Venerable Carlo Acutis, an Italian teenager and computer programmer, who died in 2006 of leukemia at the age of 15, offered his suffering for the pope and for the Church. He was born in London on May 3, 1991 to Italian parents who soon returned to Milan. He was a pious child, attending daily Mass, frequently praying the rosary, and making weekly confessions. Acutis’ mother, Antonia Salzano, said this of Carlo “Jesus was the center of his day. Carlo really had Jesus in his heart, really the pureness … When you are really pure of heart, you really touch people’s hearts,” Exceptionally gifted in working with computers, Acutis developed a website which catalogued Eucharistic miracles. This website was the genesis of The Eucharistic Miracles of the World, an international exhibition which highlights such occurrences.
With Pope Francis’ approval of the miracle promulgated by the Congregation for the Causes of Saints Feb. 21 2020, Acutis can now be beatified. The miracle involved the healing of a Brazilian child suffering from a rare congenital anatomic anomaly of the pancreas in 2013. The Medical Council of the Congregation for Saints’ Causes gave a positive opinion of the miracle in November 2019.
Pope John Paul II ignited rapport with young people in the early years of his papacy. For example, on his first visit to the United States in October 1979, he wooed tens of thousands of teenagers at Madison Square Garden in New York City. With school bands blaring popular music, he rode the “popemobile” up and down the aisles, greeting the kids and touching their outstretched hands. A riot of cheers echoed in the hall. At one point the youth began to chant “John Paul II, we love you!” The pope, smiling broadly, responded with, “woo-hoo-woo, John Paul II, he loves you.” This cheer sums up one reason why young people rallied around him: He won their affection because they could feel his love for them.
Karol Wojtyla discovered his charism for relating to youth early in his priesthood. He served as a chaplain to university students in Krákow. He invited these young men and women to join him at weekday Masses, gave them conferences, and took them hiking and kayaking. Gradually, an informal community of young people formed around the future pope, sharing their lives with him. He was able to lead them to Christ and help them develop a modern Catholic lifestyle. He called this group his “Srodowisko,” which meant his “accompaniment,” and they became his lifelong friends. As Pope John Paul II looked back on the days of his Srodowisko, his vision for World Youth Days was born. He realized that if he could accompany a small group of university students, he could also accompany the youth of the world and become their friend.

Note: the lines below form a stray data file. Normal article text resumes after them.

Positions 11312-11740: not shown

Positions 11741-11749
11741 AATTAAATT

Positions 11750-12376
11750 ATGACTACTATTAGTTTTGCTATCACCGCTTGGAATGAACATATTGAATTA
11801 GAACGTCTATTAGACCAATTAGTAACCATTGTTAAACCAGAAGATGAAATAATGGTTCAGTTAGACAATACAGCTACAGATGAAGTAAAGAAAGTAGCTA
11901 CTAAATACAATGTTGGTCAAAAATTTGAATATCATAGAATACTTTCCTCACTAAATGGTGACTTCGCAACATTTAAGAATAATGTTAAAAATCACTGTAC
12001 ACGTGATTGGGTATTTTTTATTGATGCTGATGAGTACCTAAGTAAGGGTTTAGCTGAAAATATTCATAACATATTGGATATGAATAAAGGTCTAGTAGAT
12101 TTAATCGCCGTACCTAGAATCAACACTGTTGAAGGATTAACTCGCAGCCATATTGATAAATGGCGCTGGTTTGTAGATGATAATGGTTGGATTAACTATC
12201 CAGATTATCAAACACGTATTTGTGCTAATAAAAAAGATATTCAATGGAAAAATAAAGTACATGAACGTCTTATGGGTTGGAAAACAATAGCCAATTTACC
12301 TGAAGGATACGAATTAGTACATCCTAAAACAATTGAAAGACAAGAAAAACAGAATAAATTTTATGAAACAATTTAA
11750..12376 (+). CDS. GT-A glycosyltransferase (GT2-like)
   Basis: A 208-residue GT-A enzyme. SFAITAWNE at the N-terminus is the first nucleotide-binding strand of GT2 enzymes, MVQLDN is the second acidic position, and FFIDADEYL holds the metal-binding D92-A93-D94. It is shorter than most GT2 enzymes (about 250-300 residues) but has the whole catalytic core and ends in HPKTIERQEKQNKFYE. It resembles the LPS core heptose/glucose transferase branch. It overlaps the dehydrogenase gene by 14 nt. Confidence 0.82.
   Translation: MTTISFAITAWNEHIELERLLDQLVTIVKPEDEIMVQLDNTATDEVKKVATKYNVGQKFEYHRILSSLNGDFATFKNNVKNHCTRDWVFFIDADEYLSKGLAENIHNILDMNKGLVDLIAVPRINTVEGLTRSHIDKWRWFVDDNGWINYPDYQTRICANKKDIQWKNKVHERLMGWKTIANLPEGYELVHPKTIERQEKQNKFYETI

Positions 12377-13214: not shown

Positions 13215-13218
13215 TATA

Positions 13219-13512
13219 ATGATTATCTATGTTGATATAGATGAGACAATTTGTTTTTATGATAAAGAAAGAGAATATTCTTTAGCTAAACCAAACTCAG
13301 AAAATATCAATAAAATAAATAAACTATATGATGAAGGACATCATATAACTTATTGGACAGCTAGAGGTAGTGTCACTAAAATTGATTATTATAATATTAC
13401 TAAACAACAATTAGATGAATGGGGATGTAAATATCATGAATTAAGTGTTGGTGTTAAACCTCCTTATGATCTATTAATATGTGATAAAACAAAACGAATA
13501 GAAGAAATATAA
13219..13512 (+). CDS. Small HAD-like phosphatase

In 1985 a quarter million young people gathered around him in Rome, and youth in dioceses throughout the world celebrated the first official World Youth Day (WYD) in 1986. Then the pope invited youth biennially to WYDs with him at international sites, beginning in 1987 at Buenos Aires. In alternate years, dioceses everywhere sponsored WYDs. Millions of young people from all over the world attended these joyous international celebrations. In fact, the closing Mass of the 1995 WYD in Manila drew five to seven million people, probably the largest gathering in human history.
Pope John Paul II earned the confidence of youth because he took them seriously. They sensed that he understood their concerns. He challenged them to give their lives to Christ. He appealed to their high ideals, inviting them to take a lead in the New Evangelization.